Research on nurseries of young snapper in the Hauraki Gulf and East Northland

NIWA is leading research programme that aims to uncover more about what young snapper need to stay healthy and make it to adulthood in East Northland, and one of New Zealand’s most popular marine recreational areas, the Hauraki Gulf.

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This five-year, MBIE Endeavour Fund research programme is investigating whether the ability of marine ecosystems to support juvenile fish nurseries has been greatly reduced by human impacts, creating habitat ‘bottlenecks’ that prevent enough young fish becoming adults.

Snapper is a keystone species in the Hauraki Gulf, meaning that their numbers and size play an important role in how the coastal marine environment works. This research will identify and promote actions to reduce / remove habitat bottlenecks to increase the number of young fish making it to adulthood. It will assist in the future management of snapper in the Hauraki Gulf and East Northland.

Project details

Scientists have used multibeam echo sounders to map the seafloor where young snapper live. The maps show the habitat type, e.g. reefs, muds, sands, gravels, horse mussel bed), and the wider seafloor landscapes in which they occur. Once this mapping is complete, new habitat maps will be developed and made available for public use.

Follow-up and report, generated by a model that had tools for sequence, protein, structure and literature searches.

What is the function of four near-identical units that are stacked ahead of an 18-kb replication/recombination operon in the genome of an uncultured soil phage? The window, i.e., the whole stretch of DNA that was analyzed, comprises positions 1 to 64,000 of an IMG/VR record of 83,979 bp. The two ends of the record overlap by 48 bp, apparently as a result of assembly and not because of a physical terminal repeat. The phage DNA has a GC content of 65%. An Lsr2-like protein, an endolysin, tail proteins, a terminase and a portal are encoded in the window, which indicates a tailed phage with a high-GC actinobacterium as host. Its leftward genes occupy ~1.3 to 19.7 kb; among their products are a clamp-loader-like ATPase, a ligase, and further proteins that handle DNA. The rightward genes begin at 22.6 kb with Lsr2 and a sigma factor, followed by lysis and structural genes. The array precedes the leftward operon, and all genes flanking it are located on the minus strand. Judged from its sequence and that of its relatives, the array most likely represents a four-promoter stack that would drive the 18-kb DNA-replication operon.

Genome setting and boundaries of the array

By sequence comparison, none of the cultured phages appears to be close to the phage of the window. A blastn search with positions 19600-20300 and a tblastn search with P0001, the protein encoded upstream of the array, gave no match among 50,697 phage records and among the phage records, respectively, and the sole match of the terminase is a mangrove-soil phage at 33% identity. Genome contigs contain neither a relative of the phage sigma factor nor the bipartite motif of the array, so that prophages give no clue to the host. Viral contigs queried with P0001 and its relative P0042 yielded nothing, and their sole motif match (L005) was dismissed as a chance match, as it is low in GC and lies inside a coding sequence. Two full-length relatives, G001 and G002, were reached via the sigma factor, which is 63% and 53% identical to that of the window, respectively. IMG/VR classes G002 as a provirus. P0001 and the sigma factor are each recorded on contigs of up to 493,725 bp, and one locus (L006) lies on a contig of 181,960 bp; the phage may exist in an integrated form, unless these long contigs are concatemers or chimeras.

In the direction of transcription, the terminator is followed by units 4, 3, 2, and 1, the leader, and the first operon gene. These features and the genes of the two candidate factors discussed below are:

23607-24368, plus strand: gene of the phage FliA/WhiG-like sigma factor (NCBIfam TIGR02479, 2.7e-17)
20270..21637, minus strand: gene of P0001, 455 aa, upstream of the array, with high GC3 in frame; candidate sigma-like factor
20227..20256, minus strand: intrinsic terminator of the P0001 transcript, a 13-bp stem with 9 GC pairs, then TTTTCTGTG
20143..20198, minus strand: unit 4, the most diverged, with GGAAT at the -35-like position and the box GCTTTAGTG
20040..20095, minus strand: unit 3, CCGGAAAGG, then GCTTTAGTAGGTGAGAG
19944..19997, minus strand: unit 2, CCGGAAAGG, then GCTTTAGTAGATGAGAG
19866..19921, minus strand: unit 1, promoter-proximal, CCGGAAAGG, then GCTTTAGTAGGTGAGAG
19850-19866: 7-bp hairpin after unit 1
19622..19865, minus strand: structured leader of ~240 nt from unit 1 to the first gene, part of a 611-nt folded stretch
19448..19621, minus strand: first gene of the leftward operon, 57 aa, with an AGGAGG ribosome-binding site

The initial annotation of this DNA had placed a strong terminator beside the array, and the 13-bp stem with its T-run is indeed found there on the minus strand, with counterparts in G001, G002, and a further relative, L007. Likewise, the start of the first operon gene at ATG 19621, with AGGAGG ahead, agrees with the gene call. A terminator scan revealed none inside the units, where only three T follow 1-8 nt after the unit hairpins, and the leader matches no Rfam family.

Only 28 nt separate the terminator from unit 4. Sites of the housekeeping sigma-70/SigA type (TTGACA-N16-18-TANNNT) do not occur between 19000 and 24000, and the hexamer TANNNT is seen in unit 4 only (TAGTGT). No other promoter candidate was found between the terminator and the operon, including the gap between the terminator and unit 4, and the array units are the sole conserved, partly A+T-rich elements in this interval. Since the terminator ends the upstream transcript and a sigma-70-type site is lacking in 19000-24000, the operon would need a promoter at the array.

Work on subtidal seagrass meadows in East Northland estuaries that act as fish nurseries has shown that juvenile snapper can be more than 100 times more abundant and grow more than two times faster in weight, relative to other non-seagrass nursery areas. Such subtidal seagrass meadows have been historically lost from the Hauraki Gulf.

Other key nursery habitats include horse mussel beds (groups of large shellfish pointing upwards from the seafloor), areas of mud heavily pocked with large crustacean (such as crab) burrows, some sponge gardens, and possibly calcareous (calcium shell) tubeworm reef structures.

What they hope to achieve

Work is advancing on understanding what small snapper eat, and how this affects the habitats and areas they choose to live in. Zooplankton, especially tiny pelagic crustaceans called copepods, being swept past by currents are a key food item in clearer water areas. In areas where the water is much more turbid from suspended sediments, small snapper switch to benthic prey, and experience poorer health and growth. Much of this sedimentation is from run-off from human activities on land.

A computer simulation model will also be developed that brings all the scientific research evidence together to enable decision makers to try out different management scenarios in a virtual ‘What if?’ situation. The aim is to work out how environmental degradation reduces the value of juvenile fish habitats and what can be done to reverse that decline.

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Juvenile snapper actively feed on passing zooplankton being swept through by the tidal current, while using subtidal seagrass as cover from predators


Research on nurseries of young snapper in the Hauraki Gulf and East Northland

Read more about this project and how the team is uncovering more about what young snapper need to stay healthy and make it to adulthood